So we left California, and ended up coming back to the heartland.
We were just reflecting our own views. I'm from Oklahoma, so I grew up with it all around me. We went over really well, got a couple encores. We learned it off the radio, and sang phonetically. Tracks like "Fifty States of Freedom," "Don't Want to Die in Georgia," "Tarkio Road," and "Song from Platte River" mused on both freedom and the restrictions placed upon it for many young people circa 1970 who were redefining personal expression in the United States.
Vietnam was still raging, and a lot of social unrest. And even though we had social commentary, we also had spiritual commentary. We knew a lot of them from back in the folk days. It was just social commentary, rather than political commentary.
As can be gleaned from those song titles alone, there was an increasing reflection of the turbulent times in the lyrics.
Tom picks up the narrative, "We'd just come back from living in California, so essentially we glowed in the dark. Tarkio Road. You gotta record it, you gotta put that on the album,' because we were in the process of recording Tarkio.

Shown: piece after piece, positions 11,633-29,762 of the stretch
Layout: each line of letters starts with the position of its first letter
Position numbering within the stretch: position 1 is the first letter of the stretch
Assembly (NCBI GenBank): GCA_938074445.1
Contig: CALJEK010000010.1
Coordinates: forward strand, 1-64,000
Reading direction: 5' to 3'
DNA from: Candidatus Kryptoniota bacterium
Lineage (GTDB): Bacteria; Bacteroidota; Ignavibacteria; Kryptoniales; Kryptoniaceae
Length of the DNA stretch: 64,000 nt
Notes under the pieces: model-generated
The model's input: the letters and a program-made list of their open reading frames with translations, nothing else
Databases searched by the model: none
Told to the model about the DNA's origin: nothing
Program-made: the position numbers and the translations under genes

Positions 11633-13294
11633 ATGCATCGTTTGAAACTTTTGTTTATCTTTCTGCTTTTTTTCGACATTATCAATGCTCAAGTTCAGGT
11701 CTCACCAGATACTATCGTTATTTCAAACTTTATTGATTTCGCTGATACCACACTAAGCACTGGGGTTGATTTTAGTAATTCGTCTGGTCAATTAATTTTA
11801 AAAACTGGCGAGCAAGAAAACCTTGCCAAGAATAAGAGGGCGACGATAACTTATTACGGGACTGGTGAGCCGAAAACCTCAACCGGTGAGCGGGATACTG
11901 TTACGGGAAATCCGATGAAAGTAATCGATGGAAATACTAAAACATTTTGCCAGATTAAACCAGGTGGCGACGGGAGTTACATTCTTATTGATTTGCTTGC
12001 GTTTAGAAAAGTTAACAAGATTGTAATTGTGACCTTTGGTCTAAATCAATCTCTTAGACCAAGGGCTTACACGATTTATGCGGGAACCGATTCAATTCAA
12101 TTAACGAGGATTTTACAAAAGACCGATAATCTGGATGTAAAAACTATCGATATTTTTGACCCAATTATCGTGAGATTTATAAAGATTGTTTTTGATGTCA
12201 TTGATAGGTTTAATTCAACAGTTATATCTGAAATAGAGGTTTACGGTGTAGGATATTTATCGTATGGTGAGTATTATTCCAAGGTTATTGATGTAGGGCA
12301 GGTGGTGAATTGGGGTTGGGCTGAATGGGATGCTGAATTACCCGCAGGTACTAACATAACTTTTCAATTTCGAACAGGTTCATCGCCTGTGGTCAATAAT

I don't know how that's ever gonna happen, but that's what we think. But to us, it wasn't political at all. Every song on our albums was just as important as the next one. But, of course, we hadn't. He came in one day, and we were working on some stuff.
It cracks me up. Other people chose to make a big deal out of it. We were experiencing that along with a lot of other people.
The most celebrated guest appearance was by Jerry Garcia, who contributed pedal steel guitar.
That route became known as their "Tarkio Road". Tarkio Road is a mother. We made Nixon's enemies list, which was a badge of honor we hold dear to our hearts to this day.
Who would have guessed? By Richie Unterberger.
Buddah [of which Kama Sutra was a sister label] signed us, because [Buddah executive] Neil Bogart at the time was known as the king of bubblegum -- you know, [Buddah Records act] 1910 Fruitgum Company and all that stuff. We were just a couple of hippies, in the heartland.